Foreign, Commonwealth & Development Office - United Kingdom
The Foreign, Commonwealth & Development Office (FCDO) leads the UK’s work to end extreme poverty, deliver the Global Goals, and tackle global challenges in line with the government’s UK Aid Strategy. Our aid budget is spent on tackling the great global challenges – from the root causes of mass migration and disease, to the threat of terrorism and global climate change – all of which also directly threaten British interests. We are ending the need for aid by building peaceful and stable societies, creating jobs and strong economies, fighting corruption, unlocking the potential of girls and women, tackling climate change and helping to save lives when humanitarian emergencies hit. We are doing this because it is both the right thing to do and firmly in Britain’s national interest.
Priorities as an Inclusive Data Charter Champion:
FCDO is currently developing an IDC Action Plan. The former Department for International Development's (DFID) IDC Action Plan primarily related to DFID’s programme data and laid out the actions and steps we would take to better understand the situation of the poorest and most marginalised, and make better decisions that positively impact all people’s lives. Key to achieving the ambitions in this action plan was strengthening the culture within DFID of disaggregated and inclusive data. This involved shifting mindsets and improving our capability and capacity.
We need a data revolution. Without good information on how many men, women and children still live in extreme poverty, it is not possible to identify the actions that are needed to end poverty in all its forms everywhere. There has been significant progress in both the availability and the quality of data. However, vital gaps remain. As many as 350 million people worldwide are not covered by household surveys.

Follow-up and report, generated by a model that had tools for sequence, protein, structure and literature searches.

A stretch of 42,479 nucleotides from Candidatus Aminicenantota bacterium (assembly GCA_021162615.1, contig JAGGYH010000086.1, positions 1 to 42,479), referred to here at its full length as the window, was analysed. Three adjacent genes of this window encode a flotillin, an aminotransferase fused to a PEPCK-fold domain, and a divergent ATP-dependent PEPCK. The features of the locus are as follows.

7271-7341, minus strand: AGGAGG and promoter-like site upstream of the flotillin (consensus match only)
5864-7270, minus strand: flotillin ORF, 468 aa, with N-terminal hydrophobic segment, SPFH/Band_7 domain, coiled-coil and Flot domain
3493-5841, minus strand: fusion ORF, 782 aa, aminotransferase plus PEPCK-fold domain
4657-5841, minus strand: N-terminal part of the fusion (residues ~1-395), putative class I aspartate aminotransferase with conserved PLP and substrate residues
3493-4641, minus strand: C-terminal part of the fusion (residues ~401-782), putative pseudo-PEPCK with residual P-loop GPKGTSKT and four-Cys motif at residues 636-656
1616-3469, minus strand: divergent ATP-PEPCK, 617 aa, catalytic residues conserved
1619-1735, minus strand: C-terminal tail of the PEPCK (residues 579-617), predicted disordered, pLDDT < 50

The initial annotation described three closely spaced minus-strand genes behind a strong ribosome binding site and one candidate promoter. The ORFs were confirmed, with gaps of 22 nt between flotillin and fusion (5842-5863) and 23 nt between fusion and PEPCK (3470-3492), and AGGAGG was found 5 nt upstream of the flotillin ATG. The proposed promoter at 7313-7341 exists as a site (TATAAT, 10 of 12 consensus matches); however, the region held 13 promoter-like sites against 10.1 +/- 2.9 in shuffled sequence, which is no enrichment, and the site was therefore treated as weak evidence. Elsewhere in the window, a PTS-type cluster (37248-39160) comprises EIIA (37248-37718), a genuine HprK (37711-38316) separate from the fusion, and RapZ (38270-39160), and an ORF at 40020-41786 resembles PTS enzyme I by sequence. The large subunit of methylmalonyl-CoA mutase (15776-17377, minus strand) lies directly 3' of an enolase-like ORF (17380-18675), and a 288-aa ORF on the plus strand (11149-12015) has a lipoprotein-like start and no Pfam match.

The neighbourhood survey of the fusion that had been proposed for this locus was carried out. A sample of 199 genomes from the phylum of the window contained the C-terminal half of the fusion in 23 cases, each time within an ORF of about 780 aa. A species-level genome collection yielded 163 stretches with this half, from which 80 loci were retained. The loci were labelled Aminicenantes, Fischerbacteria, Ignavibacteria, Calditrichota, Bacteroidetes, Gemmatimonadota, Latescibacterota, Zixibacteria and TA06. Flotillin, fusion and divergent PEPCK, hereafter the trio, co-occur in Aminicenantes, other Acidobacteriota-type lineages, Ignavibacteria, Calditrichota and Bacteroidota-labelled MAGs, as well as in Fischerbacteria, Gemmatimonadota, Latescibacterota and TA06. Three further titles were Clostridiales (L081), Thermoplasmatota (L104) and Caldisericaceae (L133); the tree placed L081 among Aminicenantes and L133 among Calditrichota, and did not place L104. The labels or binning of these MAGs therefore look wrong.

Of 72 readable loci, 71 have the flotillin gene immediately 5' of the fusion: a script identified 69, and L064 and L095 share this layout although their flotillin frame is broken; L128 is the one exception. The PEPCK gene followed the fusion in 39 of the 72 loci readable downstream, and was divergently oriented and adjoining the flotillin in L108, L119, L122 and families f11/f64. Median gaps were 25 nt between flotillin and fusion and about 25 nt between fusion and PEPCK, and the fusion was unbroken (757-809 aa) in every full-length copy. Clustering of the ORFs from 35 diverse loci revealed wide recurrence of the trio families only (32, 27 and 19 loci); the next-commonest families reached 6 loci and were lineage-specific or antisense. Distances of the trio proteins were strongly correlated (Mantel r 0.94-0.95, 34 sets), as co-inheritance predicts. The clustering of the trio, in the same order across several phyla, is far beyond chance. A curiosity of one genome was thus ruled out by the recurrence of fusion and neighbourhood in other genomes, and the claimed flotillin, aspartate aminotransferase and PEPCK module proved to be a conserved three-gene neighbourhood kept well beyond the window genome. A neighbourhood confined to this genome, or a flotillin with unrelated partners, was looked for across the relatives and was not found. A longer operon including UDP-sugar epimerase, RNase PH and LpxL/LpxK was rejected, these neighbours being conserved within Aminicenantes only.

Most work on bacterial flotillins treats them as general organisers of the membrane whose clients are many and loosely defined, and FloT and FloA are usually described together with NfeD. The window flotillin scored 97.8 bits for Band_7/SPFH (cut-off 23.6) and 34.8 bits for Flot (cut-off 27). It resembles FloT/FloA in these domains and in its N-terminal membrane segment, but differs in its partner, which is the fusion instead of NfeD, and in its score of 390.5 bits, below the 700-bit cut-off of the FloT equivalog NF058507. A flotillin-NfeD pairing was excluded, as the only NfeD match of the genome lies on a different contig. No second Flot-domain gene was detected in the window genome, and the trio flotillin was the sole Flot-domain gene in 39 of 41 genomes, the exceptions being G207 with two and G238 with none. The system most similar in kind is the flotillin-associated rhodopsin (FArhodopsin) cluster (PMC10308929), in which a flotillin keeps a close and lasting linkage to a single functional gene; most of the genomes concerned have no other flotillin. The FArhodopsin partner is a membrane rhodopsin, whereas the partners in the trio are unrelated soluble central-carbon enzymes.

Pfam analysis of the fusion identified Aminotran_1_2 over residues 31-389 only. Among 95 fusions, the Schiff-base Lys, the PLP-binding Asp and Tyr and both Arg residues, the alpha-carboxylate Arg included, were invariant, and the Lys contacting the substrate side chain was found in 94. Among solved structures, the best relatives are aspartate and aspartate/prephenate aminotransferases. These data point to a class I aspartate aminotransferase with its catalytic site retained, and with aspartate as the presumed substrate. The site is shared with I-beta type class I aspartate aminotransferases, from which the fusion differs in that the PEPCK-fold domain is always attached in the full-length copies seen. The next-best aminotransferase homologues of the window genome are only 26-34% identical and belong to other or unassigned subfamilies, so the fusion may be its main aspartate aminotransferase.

The Foreign, Commonwealth & Development Office (FCDO) is pleased to announce that we are exploring additional contributions to the broadened World Bank Trust Fund for Statistical Capacity Building (TFSCB) that will help to fill some of these data gaps. The challenge is to modernise statistical systems at the global, regional and national levels. We need to work through existing channels, learn the lessons from the MDGs, listen to the voices of statisticians in developing countries and align donor support behind national priorities.
The United Kingdom is pleased to announce an additional £6 million for PARIS21 to enable the Partnership to play an enhanced role in helping developing countries to strengthen their national statistical systems in a rapidly changing environment.
The UK Government is strongly committed to the power of Open Data. Prime Minister David Cameron has championed open government in the UK, and has led an international agenda with transparency at its core. That is why, alongside the United States, we are pleased to announce that we will partner with the Global Open Data for Agriculture and Nutrition Secretariat to organize a 2016 GODAN Summit.
Official Statistics alone will not generate the disaggregated data needed to leave no one behind. We need to mobilise the private sector and civil society to generate useful data from new sources. This will not happen by itself. The UK supports the call for a World Data Forum in 2016, to generate political commitments and accountability, to inspire action, encourage networking and solve problems among multiple stakeholders, to drive progress on the data revolution for sustainable development.
We recognise the need to involve a wider range of new actors in civil society and the private sector to help mobilise data for development. The UK will participate in discussions to explore options for a Global Partnership that can work in combination with existing partnerships and institutions.